MORE ON TERRI SCHIAVO. As I expected, my post yesterday engendered some fairly intense reaction on the part of Media Log readers, most of whom seem to think I've suddenly allied myself with the likes of Tom DeLay, who is cynically trying to make people forget about his alleged ethics violations by pandering to the religious right.
Please. It amazes me that most liberals (there are exceptions, most notably Senator Tom Harkin) seem untroubled by what's going on in Florida - just as Globe columnist Jeff Jacoby is amazed that his fellow conservatives don't seem to care about the widespread torture being used by US forces against suspected terrorists. (Click here and here.)
One of my correspondents wrote, "It's time to encourage public officials and the media to start using their brains, as in honor medical opinion and trust the legal system." Well, I don't endorse Congress's grandstanding efforts to force the Schiavo case into the federal courts. But "trust the legal system"? You've got to be kidding. I trust the legal system when it appears to be trustworthy, which is to say sometimes.
As for honoring medical opinion, I honor it as the best efforts of very smart, well-intentioned people to understand what's going on. But we all know that medical opinion changes pretty radically over time. Years ago, many disabled infants were institutionalized, even starved to death. Today they often become productive members of society. And yes, I realize this isn't a particularly good analogy to Terry Schiavo.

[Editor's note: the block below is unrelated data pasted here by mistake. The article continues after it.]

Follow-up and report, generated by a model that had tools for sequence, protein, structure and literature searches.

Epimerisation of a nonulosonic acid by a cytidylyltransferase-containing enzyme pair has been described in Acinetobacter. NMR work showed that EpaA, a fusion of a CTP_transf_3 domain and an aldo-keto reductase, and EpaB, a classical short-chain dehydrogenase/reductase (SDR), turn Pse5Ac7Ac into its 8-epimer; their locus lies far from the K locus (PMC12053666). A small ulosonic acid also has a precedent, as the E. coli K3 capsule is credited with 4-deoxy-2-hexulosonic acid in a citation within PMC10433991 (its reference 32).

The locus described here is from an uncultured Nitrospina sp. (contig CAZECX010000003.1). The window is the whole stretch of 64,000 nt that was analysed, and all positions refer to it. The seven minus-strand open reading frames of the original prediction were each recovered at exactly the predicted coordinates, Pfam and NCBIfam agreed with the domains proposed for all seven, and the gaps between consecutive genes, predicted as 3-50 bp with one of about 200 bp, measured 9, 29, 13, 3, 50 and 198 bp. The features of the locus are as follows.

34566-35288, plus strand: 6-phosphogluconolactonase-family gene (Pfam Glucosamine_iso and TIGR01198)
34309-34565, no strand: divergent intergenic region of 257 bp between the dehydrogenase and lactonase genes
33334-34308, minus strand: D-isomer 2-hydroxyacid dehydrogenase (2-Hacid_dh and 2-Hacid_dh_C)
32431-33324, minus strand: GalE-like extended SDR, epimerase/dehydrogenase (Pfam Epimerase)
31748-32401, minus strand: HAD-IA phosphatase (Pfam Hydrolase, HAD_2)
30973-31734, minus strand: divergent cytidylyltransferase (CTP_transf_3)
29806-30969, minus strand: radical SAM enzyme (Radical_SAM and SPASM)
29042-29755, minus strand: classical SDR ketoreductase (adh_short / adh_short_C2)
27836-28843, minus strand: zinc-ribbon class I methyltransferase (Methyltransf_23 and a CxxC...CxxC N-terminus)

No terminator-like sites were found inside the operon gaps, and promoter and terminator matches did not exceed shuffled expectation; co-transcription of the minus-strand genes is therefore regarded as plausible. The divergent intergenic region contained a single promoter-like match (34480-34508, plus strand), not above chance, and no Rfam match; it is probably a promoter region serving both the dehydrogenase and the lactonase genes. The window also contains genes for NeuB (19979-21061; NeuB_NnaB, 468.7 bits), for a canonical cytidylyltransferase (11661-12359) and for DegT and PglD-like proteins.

Anyway, let me close with a couple of links. Because I am the first to acknowledge that I don't really understand Terri Schiavo's current condition (an aside to my critics: neither do you), I found this piece by Benedict Carey, in today's New York Times, to be useful and fascinating. He writes:
Especially when a patient's eyes open on emergence from a coma, Dr. [Joseph] Fins said, family members are likely to assume that this is evidence of recovery. In fact, he said, it can augur poorly for the patient. When the eyes open but there is no quick return to mental responsiveness, it suggests that the primitive brain stem is reasserting itself, without engaging the higher brain: the cortex and other parts that are involved in thought and emotion.
And here is the link to Not Dead Yet, a radical disability-rights group for which I have a great deal of respect. Not Dead Yet opposes assisted suicide and euthanasia from an entirely different perspective from that of, say, Randall Terry, the anti-abortion-rights extremist who has unfortunately allied himself with Terri Schiavo's parents.
Here's an excerpt worth pondering from Not Dead Yet's website:
Legalized medical killing is not a new human right, it's a new professional immunity. It would allow health professionals to decide which of us are "eligible" for this service, and exempt them from accountability for their decisions. Killing is not just another medical treatment option, and it must not be made any part of routine health care. In these days of cost cutting and managed care, we don't trust the health care system, and neither should you.
I recognize that the Schiavo case has been going on for years, and it may well be that enough is enough. Mrs. Media Log pointed out to me yesterday that it was suspicious that Barbara Weller, the lawyer who claims Terri Schiavo reacted with great emotion when asked if she wanted to live, apparently did not videotape it. (Although I still say that Judge Greer ought to visit Schiavo's room and ask her himself.)
But this remains an extraordinarily difficult case, and I remain unsure that letting Terri Schiavo die is the right thing to do.